This is a question about a name of a very useful lemma, that permits one in particular to show that smooth birational complex projective varieties have isomorphic fundamental groups. If this lemma has no name, I would like at least to have a reference (if it exits). The lemma can be seen as a truncated version of the basic fact, that if we have a locally trivial fibration (say of finite dimensional CW complexes) $F\to E\to B$ then we get a long exact sequence

$\to \pi_i(F)\to \pi_i(E)\to \pi_i(B)\to \pi_{i-1}(F)\to$

Lemma. Let $E\to B$ be a surjective map of finite dimensional $CW$ complexes, such that every fiber is connected, simply connected and is a deformation retract of a small neighbourhood. Then $\pi_1(E)=\pi_1(B)$.

Question. Do you know the name of such a lemma, or of some of its generalizations? Is there a reference for this?

The result about $\pi_1$ of birationaly equivalent varieties follows since any birational transformation can be decomposed in blow-ups and blow downs along smooth submanifolds. And it is not hard to check that the conditions of lemma are satisfied for such elementary blow ups.

  • $\begingroup$ You surely mean birational "projective varieties" or "compact manifolds" or some other rigidity thing, otherwise I can say that $\mathbb{P}^1$ and $\mathbb{C}^\times$ are birational, but have different $\pi_1$'s. As for the lemma, I've never seen it named, just as a consequence of the long exact sequence. $\endgroup$ Dec 15, 2009 at 16:04
  • $\begingroup$ There us a bounty for this question now, so please don't hesitate to answer, if you know the answer :) $\endgroup$ Feb 23, 2010 at 18:18

2 Answers 2


Check out the paper "A Vietoris Mapping Theorem for Homotopy," by S. Smale, Proc. Amer. Math. Soc. 8 (1957), 604-610, available at http://www.jstor.org/stable/2033527 .

Paraphrase of the main theorem: If $f:X\to Y$ is a proper, onto map of 0-connected, locally compact, separable metric spaces, X is $LC^n$, and each point inverse is $LC^{n-1}$ and $(n-1$-connected, then the induced homomorphism $\pi_r(X)\to \pi_r(Y)$ is an isomorphism for $r\le n-1$ and surjective for $r=n$.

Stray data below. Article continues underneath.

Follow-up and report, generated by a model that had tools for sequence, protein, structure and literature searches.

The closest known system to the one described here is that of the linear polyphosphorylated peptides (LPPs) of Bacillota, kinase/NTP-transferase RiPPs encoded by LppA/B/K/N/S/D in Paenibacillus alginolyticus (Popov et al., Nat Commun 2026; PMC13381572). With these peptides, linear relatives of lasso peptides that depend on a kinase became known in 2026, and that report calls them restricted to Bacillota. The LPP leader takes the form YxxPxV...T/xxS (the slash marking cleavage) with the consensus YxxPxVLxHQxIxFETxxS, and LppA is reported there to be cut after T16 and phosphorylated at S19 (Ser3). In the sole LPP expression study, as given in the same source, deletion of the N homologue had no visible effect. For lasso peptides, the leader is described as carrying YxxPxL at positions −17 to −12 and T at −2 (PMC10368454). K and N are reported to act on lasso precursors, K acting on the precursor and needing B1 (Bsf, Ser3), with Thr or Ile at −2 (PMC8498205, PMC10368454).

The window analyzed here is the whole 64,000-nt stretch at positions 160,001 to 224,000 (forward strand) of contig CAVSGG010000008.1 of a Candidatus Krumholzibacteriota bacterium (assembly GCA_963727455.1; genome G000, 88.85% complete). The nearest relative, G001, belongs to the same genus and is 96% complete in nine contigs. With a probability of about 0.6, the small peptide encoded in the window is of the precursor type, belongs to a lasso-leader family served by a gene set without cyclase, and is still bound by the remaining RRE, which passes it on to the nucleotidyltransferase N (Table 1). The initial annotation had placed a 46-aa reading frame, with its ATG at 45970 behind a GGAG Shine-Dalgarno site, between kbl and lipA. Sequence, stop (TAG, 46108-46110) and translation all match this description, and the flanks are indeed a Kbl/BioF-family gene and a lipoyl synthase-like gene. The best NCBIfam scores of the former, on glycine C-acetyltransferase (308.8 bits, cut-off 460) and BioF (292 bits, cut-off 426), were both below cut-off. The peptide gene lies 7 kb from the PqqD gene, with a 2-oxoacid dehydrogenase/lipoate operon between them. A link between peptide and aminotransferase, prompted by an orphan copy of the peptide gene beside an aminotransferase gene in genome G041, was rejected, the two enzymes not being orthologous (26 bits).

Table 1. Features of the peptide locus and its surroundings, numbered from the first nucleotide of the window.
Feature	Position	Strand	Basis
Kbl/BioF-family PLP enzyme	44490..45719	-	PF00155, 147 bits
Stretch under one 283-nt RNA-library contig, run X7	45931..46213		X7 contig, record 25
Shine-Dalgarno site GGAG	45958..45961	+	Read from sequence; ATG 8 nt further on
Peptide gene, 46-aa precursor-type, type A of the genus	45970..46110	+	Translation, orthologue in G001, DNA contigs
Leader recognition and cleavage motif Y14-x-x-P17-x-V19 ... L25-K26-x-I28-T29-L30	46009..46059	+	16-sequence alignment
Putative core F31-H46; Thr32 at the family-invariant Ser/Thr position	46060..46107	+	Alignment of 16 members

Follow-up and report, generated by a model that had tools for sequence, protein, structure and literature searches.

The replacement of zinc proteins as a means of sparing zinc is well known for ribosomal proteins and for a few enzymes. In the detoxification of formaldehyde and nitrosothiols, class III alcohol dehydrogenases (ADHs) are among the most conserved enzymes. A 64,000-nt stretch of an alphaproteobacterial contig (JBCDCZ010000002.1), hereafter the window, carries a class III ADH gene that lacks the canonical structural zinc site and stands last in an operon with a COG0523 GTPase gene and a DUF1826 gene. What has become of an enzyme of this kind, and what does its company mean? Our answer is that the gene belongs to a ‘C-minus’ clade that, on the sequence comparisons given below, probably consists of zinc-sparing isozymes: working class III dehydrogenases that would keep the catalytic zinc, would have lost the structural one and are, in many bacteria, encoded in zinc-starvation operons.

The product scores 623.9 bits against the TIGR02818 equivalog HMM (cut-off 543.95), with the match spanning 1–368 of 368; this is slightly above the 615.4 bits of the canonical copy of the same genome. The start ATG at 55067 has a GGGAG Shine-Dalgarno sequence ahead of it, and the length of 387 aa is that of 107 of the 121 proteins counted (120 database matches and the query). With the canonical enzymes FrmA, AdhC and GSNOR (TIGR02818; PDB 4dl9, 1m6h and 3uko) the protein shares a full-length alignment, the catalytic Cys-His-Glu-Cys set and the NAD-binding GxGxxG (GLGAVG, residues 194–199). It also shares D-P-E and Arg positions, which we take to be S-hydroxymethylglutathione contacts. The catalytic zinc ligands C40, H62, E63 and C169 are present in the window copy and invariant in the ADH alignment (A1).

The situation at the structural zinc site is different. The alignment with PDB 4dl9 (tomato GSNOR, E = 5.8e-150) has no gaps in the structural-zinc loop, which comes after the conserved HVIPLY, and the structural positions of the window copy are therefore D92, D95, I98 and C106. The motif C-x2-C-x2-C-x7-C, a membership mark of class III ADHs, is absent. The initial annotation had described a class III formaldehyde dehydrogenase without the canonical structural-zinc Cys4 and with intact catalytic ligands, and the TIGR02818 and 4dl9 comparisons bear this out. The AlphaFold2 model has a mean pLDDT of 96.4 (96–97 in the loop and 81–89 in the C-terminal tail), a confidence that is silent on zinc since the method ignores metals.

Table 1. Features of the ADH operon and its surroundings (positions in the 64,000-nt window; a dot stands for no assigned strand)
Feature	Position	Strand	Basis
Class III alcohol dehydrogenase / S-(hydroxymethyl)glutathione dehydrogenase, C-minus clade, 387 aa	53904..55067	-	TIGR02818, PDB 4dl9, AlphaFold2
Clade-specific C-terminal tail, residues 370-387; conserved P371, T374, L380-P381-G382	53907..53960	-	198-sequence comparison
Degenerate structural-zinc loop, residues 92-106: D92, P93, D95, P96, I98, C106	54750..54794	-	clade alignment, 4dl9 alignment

$LC^n$ is a local connectedness condition surely satisfied by CW complexes, which are locally contractible.

  • $\begingroup$ Dear Allan, thank you very much for the answer! I will go through the article for a bit, but I think, this is exactly the reference I was looking for:) Huge thanks! $\endgroup$ Feb 23, 2010 at 19:29

The obvious generalization, which I'm sure you realize, is that if the fibers are $n$-connected, the projection map is an isomorphism on the first $n$ homotopy groups. What kind of you proof you prefer is a matter of taste, but I'll note that in many cases, you can arrange a cellulation of the total space that is a twisted Cartesian product of a cellulation of the fiber and a cellulation of the base. If the fiber does not have any low-dimension cells, the $n$-skeleton of the base and the total space are the same, and the extra cells in the $(n+1)$-skeleton do not affect the answer.

In order to look for a standard name, I searched for the phrase "simply connected fibers" in Google Scholar with quotes. I got 87 hits in the search with quotes, including a number of good papers by well-known people. No other phrase leapt out with this search. So I think it's conclusive that it is the "lemma on simply connected fibers", or the "lemma on connected and simply connected fibers".

  • $\begingroup$ Greg, thanks a lot! So I guess you indicate, that this lemma has no name :)? Or no official name? $\endgroup$ Dec 15, 2009 at 16:26
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    $\begingroup$ Or rather, what Google Scholar indicates, because without it I'm not an authority. Google Scholar can show you common phrases in papers. It is convincing enough that "simply connected fibers" is a common phrase, and that there is no particular other common phrase to go with it. The top match, by the way, is an influential paper by Dusa McDuff. $\endgroup$ Dec 15, 2009 at 16:35
  • $\begingroup$ Greg, thanks again! The paper of McDuff turned out to have also one other lemma that is very usefull! $\endgroup$ Dec 15, 2009 at 17:27
  • $\begingroup$ Unfortunatelly I had to disaccept the answer since I wanted to start a bounty, I really need a reference. $\endgroup$ Feb 23, 2010 at 18:20

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